What Is a Service?

Perhaps it would be helpful to describe some of the components of services. A simple defi­nition of a service is a solution to fulfill needs. The concentration here is on filling needs (and desires) without presupposing a physical prod-

uct. Even when a product is required, who owns it and how it is used is at the heart of a service solution. To create services effectively, service providers must focus on customer value as an end solution. The aim is to deliver high value (whether in terms of price, performance, emo­tions, values, or meanings) in customer terms, not merely the terms of the manufacturer. In ad­dition, a priority is often placed on creating and maintaining a deeper customer relationship than is often the case with product manufacturers (who often don’t consider anything past the sale of the product).

A service orientation not only benefits environ­mental and social impacts by optimizing effi­ciency, but it also often leads to innovative solu­tions that competitors haven’t imagined simply because most organizations operate in a product mentality.

Financial, healthcare, legal, consulting, training, education, and information services are all ex­amples of services that focus on results and value over physical products. In many cases, there are

few physical products involved in the service experience. Likewise, restaurants and bars, spas and salons, hotels, rental cars and equipment use materials to create an experience and satisfy needs, but the products are not always the focus of value.

In order to develop services effectively, it’s a requirement to rethink the process of deriving solutions. Those familiar with product develop­ment will need to augment their understanding with service design fundamentals. In addition, it’s critical to prototype services through interac­tion design in order to validate that important value is actually being provided. Design research techniques that focus on qualitative data instead of merely quantitative data are also important since much of the value provided by services isn’t tangible or easily described.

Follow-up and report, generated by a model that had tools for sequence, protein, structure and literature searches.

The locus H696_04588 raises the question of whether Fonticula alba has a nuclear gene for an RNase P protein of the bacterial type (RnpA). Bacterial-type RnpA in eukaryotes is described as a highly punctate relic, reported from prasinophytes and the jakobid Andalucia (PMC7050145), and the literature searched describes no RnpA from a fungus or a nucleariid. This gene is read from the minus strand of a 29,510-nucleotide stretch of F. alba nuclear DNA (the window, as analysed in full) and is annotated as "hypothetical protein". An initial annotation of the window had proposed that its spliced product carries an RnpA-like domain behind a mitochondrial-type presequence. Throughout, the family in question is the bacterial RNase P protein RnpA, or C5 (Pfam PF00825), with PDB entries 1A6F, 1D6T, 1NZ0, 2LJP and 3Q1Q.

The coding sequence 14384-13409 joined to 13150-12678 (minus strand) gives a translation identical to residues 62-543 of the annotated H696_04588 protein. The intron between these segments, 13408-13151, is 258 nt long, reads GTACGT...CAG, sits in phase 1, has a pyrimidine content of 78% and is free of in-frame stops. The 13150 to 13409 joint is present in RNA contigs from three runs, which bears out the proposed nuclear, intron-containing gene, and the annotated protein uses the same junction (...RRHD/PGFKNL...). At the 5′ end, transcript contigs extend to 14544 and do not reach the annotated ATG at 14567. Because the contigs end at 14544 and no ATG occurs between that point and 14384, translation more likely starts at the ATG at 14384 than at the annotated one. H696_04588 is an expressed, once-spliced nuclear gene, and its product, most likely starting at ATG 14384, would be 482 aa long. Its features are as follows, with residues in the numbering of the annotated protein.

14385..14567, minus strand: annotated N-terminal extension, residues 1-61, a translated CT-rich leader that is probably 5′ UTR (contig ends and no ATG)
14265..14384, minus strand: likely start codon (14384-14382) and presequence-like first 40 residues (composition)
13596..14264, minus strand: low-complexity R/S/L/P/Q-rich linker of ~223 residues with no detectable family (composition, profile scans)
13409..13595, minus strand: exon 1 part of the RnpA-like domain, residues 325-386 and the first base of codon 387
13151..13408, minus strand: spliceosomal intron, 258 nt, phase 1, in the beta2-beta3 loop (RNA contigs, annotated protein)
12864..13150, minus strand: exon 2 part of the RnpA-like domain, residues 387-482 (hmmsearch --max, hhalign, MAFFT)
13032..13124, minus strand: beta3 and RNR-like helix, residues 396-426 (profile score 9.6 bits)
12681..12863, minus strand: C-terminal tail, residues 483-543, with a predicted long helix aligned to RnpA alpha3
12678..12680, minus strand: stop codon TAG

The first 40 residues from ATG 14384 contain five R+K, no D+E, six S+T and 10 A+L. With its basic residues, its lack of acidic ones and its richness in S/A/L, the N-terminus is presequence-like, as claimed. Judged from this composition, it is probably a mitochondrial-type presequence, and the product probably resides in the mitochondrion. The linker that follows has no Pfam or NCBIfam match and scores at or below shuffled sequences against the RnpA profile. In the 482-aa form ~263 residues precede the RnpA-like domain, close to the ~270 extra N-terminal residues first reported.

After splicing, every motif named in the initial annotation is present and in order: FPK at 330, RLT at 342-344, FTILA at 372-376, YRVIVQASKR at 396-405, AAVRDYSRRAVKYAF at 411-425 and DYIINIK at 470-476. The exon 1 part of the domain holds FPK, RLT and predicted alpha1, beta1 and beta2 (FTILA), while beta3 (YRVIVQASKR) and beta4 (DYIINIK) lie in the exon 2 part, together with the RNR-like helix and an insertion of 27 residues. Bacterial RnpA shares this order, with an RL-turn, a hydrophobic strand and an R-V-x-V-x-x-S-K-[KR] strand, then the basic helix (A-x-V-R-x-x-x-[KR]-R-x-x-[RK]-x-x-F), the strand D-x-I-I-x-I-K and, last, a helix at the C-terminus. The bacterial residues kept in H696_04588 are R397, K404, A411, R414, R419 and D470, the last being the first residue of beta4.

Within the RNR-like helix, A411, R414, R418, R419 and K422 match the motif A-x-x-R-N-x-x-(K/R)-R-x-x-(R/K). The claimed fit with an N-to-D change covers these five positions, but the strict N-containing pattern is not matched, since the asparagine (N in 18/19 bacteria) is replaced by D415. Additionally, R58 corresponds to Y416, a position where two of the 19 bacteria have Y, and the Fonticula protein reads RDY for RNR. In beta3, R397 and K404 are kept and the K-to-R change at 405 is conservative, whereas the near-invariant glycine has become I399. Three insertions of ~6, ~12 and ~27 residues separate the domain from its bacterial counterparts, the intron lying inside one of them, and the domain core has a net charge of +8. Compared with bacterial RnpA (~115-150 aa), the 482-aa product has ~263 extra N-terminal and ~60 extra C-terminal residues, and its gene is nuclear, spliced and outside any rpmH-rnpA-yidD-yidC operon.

Services may require organizations to engage other organizations as partners in order to pro­vide a complete solution. For example, it’s not easy to deploy new information solutions with­out adequate networks (and creating those may be outside an organization’s expertise). Age-old quandaries that plague new technologies often require networks of organizations in order to roll out new services. (Who’s going to buy a GPS device, for example, before the GPS network is in place—and vice versa?)

Services can also have an effect on the financial accounting of an organization in unexpected or even counterintuitive ways. When Microsoft an­nounced its original concept of. NET services, it spoke of online subscriptions to its popular soft­ware applications (like the Office Suite). They quickly realized, however, that it would destroy their revenues in the near-term since the revenue they make up front, when customers purchase the software outright, would be spread over years instead. This required a change in their strategy and original vision, opening the way for compa­nies like Google, who didn’t have such models to cannibalize, to offer them instead.

Services are not foreign to product companies. Each company that sells a product must service it in some way.


Updated: October 1, 2015 — 7:03 pm